Premier Li to attend China-Japan-S.Korea trilateral summit meeting
Resumption of cooperation ‘a good sign’, but ‘don’t step on Beijing’s red line’
Published: May 23, 2024 09:46 PM Updated: May 23, 2024 11:23 PM
China Japan South Korea File photo:CGTN

China Japan South Korea File photo:CGTN

Chinese Premier Li Qiang will be attending the 9th trilateral summit meeting between China, Japan and South Korea in Seoul from May 26 to 27, the Chinese Foreign Ministry announced on Thursday. The resumption of the meeting after over four years' suspension is "an encouraging sign," experts said, while noting that risks brought by geopolitical games and external interference remain. They warned Japan and South Korea not to step on China's red line regarding the Taiwan question. 

Premier Li Qiang, together with leaders of Japan and South Korea, will attend the upcoming trilateral summit meeting, the China-Japan-South Korea business summit and other important events and exchange views on China-Japan-South Korea cooperation, Wang Wenbin, the Foreign Ministry spokesperson, said at Thursday's media briefing. 

With complex changes unfolding in our region and beyond, we hope that the forthcoming summit meeting will inject new impetus into the trilateral cooperation and provide better ways towards mutual benefit for the three countries, Wang said. 

China stands ready to work with Japan and South Korea to implement the Trilateral Cooperation Vision for the Next Decade and other important common understandings, deepen economic and trade, sci-tech and cultural cooperation to advance regional economic integration in East Asia and promote regional and global peace, stability and prosperity, the spokesperson added. 

China, Japan and the ROK are neighbors and major economies in Asia and the world. In the course of jointly tackling the Asian financial crisis, our three countries launched trilateral cooperation. Twenty-five years on, we have put in place a China-Japan-ROK cooperation framework centering on the summit meeting and supported by ministerial meetings, senior officials' meeting and over 70 working-level mechanisms.

Chinese experts lauded the trilateral cooperation mechanism, saying it held great importance as the three neighboring countries are inseparable and have a high degree of complementarity. "The three economic powerhouses have a common desire for cooperation, just as the saying goes, 'unity brings benefits, while discord leads to harm'," Lü Chao, an expert on the Korean Peninsula at the Liaoning Academy of Social Sciences, told the Global Times on Thursday. 

The reasons for a hiatus of nearly four and a half years are quite obvious. Apart from the COVID-19 pandemic, significant changes in the international landscape and the differing stances among the three on various global issues, as well as tense China-US relations, have all played a major role, observers noted. 

In light of this, the resumption of this meeting is indeed an uplifting development that indicates a hard-won consensus on reinstating cooperation. Lü believes it can gradually push the East Asian region into the center of the global economy, while also stimulating global economic growth.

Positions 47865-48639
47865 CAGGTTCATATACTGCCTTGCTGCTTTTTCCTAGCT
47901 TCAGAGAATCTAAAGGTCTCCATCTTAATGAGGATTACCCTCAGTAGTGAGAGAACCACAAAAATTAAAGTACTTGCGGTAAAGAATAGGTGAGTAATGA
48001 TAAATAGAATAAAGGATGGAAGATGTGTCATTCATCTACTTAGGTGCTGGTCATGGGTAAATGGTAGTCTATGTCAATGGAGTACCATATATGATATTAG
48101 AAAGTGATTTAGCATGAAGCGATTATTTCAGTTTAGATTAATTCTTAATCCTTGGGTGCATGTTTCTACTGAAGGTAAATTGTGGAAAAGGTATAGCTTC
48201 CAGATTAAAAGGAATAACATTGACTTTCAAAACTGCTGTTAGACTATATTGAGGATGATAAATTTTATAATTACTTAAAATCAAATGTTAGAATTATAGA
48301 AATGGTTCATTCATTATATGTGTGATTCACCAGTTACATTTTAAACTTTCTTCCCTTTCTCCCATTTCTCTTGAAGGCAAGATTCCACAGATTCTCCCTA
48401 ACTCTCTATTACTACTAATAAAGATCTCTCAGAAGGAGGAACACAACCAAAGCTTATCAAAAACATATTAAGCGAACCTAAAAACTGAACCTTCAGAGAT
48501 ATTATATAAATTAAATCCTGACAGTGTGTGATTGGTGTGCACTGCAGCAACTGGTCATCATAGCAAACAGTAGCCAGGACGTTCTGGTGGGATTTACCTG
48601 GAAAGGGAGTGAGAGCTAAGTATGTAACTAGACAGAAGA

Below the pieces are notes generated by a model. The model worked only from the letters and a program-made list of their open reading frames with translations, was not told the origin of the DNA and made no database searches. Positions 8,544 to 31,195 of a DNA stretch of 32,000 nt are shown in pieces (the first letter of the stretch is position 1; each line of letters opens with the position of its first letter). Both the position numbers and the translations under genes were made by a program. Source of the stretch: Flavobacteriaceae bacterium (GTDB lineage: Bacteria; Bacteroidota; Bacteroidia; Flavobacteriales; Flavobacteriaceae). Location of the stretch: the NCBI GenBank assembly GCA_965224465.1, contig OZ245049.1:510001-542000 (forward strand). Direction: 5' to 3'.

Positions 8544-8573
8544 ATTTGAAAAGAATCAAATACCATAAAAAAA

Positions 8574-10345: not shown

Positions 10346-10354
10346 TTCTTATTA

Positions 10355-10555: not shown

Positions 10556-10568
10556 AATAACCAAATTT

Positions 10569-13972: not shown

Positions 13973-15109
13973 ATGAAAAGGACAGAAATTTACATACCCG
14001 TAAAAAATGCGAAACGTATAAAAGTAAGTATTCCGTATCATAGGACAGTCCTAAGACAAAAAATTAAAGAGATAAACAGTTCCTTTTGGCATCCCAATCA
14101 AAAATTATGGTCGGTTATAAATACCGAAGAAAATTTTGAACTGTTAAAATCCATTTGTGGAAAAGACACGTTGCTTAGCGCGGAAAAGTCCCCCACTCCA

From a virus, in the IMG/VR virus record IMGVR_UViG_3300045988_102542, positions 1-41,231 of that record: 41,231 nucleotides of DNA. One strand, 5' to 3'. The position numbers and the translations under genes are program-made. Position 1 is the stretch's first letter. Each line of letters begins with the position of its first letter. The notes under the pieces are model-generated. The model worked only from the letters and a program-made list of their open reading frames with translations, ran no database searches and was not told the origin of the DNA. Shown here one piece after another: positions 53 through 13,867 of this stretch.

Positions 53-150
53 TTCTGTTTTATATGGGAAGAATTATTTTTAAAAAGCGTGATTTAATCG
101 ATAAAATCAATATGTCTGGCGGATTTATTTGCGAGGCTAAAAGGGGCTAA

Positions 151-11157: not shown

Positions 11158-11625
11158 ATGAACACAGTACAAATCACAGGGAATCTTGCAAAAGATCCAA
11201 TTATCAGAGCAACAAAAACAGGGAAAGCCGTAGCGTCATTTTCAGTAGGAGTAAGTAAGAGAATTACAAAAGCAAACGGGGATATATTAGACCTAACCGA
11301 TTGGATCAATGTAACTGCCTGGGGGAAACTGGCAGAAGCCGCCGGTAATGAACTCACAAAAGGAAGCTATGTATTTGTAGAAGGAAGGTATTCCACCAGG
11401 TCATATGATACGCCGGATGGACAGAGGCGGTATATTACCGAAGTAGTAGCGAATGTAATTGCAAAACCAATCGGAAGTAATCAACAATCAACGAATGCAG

"Overall, the restart of the meeting presents more opportunities than challenges, it's more about communication rather than friction," Da Zhigang, director of the Institute of Northeast Asian Studies at the Heilongjiang Provincial Academy of Social Sciences, told the Global Times.

Da said consensus is likely to be reached in managing differences and promoting win-win cooperation, while advancing further trade facilitation measures including institutionally. 

Observers also expect the meeting to expedite a new round of negotiations on China-Japan-South Korea free trade agreements, which, once integrated with the Regional Comprehensive Economic Partnership (RCEP), may stimulate higher levels of institutional cooperation among the three. 

Nevertheless, Chinese analysts warned of a number of remaining risks that would hinder trilateral cooperation, including Tokyo and Seoul's geopolitical games, in which they serve the US "Indo-Pacific strategy" while also exerting their own regional influence by meddling in China's internal affairs regarding the South China Sea and the Taiwan question. 

Another major influencing factor is the US, which does not wish to see the three Asian countries join hands, and it has spared no effort interfering in regional issues that led to the disruption of this trilateral mechanism, Lü warned.

Chinese ambassador to Japan Wu Jianghao on Monday voiced strong opposition to Japan's sending more than 30 parliamentarians to Taiwan region to "congratulate" the new regional leader at a so-called inauguration ceremony. 

Also on Thursday, Foreign Ministry spokesperson Wang Wenbin reiterated that the Taiwan question is at the very core of China's core interests. It bears on the political foundation of China-Japan relations and is a red line that must not be crossed. 

Some in Japan have been making negative moves on Taiwan, including repeating the preposterous and dangerous notion that "any contingency for Taiwan is a contingency for Japan", which seriously violates the spirit of the four political documents between China and Japan and the commitments Japan has made, Wang said.